Read a Book!: Where I Stand

January 6, 2009


Where I Stand

Sen. Barry Goldwater

 

My roommate gave me a mildly damaged first edition paperback of Sen. Barry Goldwater’s Where I Stand, saying something along the lines of, “See, politicians have been selling out to book publishers for a long time.”

 

Reading though this book, a couple of thoughts ran though my mind. One, there is a surprising amount of parallels betwixt Cold War foreign policy and our current Mohammadean based terror foreign policy. Simply sub in modern people in their past party counterparts (Obama for LBJ/ “this administration”; Republicans for “me”) and one pretty much gets the stated policies on this War on Terror.

 

Secondly, massive feelings of disappointment at the last primary season washed over me; reading though this book re-emphasized what I thought the Republicans needed this election season: someone who could clearly and passionately present the conservative position for the issues of our day. What we got, instead, was a wimpy “maverick” that “[goes] both ways in D.C.” (to steal a line from JibJab). Reading though Goldwater’s nomination acceptance speech, he consistently hits you on how whole-heartedly he believes in his cause and in his party; McCain could not even put forth a feeble attempt to help the people down the ticket, as far as I remember. It was a shame that Goldwater lost (especially since we lost off of a TV commercial that was baseless if one actually read though his positions on nuclear weapons); it was also a shame that McCain beat the folks that would have presented the conservative cause with clarity and passion (like Duncan Hunter).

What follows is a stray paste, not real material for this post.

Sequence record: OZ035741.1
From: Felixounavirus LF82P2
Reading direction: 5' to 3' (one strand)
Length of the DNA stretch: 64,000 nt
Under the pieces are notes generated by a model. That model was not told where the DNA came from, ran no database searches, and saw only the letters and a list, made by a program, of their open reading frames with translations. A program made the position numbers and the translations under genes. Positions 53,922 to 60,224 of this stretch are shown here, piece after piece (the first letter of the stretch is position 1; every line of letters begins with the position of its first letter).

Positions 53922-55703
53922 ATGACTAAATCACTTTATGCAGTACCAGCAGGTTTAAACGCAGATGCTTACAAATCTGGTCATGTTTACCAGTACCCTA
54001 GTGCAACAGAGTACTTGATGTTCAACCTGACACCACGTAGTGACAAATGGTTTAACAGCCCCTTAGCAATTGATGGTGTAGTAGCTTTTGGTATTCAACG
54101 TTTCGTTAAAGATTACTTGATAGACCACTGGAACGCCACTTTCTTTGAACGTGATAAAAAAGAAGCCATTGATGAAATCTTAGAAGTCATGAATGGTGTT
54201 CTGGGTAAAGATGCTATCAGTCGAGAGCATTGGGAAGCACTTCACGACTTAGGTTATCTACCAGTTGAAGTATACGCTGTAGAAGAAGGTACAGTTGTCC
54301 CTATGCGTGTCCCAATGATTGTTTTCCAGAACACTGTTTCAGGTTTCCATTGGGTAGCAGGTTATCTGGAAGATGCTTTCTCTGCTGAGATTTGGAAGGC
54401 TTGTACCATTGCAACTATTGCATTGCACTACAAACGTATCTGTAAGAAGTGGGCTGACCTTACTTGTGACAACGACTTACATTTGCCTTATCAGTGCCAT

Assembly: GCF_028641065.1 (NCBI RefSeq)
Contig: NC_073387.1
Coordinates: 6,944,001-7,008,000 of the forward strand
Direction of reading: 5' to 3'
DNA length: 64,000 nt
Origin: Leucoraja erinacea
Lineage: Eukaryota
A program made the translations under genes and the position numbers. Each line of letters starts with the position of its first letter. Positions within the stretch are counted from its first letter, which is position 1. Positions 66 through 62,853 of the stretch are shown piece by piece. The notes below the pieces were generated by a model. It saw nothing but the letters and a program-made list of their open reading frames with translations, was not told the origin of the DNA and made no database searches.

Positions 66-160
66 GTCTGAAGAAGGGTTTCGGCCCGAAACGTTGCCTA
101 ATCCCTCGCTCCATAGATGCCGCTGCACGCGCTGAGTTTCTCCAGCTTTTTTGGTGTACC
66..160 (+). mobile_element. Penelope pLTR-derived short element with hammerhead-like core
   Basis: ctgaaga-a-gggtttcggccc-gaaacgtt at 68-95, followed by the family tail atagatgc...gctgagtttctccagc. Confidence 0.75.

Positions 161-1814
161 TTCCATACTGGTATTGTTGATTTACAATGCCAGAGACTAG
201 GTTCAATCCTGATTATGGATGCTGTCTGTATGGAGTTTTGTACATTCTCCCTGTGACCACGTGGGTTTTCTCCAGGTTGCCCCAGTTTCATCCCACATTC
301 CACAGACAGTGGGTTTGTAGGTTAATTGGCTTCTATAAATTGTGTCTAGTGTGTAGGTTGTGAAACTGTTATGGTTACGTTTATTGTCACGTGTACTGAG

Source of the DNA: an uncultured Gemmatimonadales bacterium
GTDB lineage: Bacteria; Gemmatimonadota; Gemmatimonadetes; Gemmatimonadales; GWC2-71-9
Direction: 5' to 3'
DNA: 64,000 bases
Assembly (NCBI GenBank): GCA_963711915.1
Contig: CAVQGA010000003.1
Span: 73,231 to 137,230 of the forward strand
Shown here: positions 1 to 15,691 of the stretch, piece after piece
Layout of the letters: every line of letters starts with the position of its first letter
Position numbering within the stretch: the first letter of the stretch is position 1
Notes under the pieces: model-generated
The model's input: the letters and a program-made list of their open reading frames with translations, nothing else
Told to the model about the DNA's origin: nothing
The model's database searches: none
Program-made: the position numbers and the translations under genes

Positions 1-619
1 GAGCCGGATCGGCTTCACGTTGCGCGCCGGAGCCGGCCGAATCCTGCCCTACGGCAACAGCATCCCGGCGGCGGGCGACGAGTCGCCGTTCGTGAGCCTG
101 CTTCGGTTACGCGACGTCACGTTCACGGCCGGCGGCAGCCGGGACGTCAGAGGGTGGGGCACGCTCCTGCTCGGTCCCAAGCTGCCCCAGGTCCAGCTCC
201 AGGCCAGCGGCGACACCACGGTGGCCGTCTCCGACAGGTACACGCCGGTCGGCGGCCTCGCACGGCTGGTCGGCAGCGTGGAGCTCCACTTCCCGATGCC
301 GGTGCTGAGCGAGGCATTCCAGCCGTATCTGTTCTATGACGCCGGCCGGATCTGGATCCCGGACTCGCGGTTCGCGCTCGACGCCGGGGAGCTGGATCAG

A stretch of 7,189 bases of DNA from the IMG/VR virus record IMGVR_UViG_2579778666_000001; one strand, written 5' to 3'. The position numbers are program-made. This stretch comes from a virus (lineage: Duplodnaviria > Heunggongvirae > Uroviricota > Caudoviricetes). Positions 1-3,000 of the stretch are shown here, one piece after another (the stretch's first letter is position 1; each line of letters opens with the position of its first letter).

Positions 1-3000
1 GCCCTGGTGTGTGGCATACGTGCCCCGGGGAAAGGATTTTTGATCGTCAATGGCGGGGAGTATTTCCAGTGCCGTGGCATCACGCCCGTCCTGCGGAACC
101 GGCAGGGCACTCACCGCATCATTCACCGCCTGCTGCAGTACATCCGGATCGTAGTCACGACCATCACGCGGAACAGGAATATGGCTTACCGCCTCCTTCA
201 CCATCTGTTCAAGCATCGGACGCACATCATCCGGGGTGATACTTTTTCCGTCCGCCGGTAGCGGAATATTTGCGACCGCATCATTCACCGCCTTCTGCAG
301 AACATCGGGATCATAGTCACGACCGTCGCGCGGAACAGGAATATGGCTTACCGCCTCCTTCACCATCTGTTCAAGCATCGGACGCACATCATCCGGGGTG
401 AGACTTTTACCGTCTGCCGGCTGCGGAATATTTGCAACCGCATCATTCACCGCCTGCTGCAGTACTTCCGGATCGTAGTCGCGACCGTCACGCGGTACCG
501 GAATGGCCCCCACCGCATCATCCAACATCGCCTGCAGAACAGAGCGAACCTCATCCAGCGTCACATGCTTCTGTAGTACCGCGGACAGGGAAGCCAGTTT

The book does get a little repetitive conceptually and half of the book is speeches (Nomination Acceptance Speech, Speech on Voting against the Nuclear Test Ban Treaty, Speech on Voting against the Civil Rights Act of ’64, Speech to the Party Platform Committee), but overall everybody should read this if they can get a hand on it to get an historical understanding of conservative principles.

 

Read This Book!

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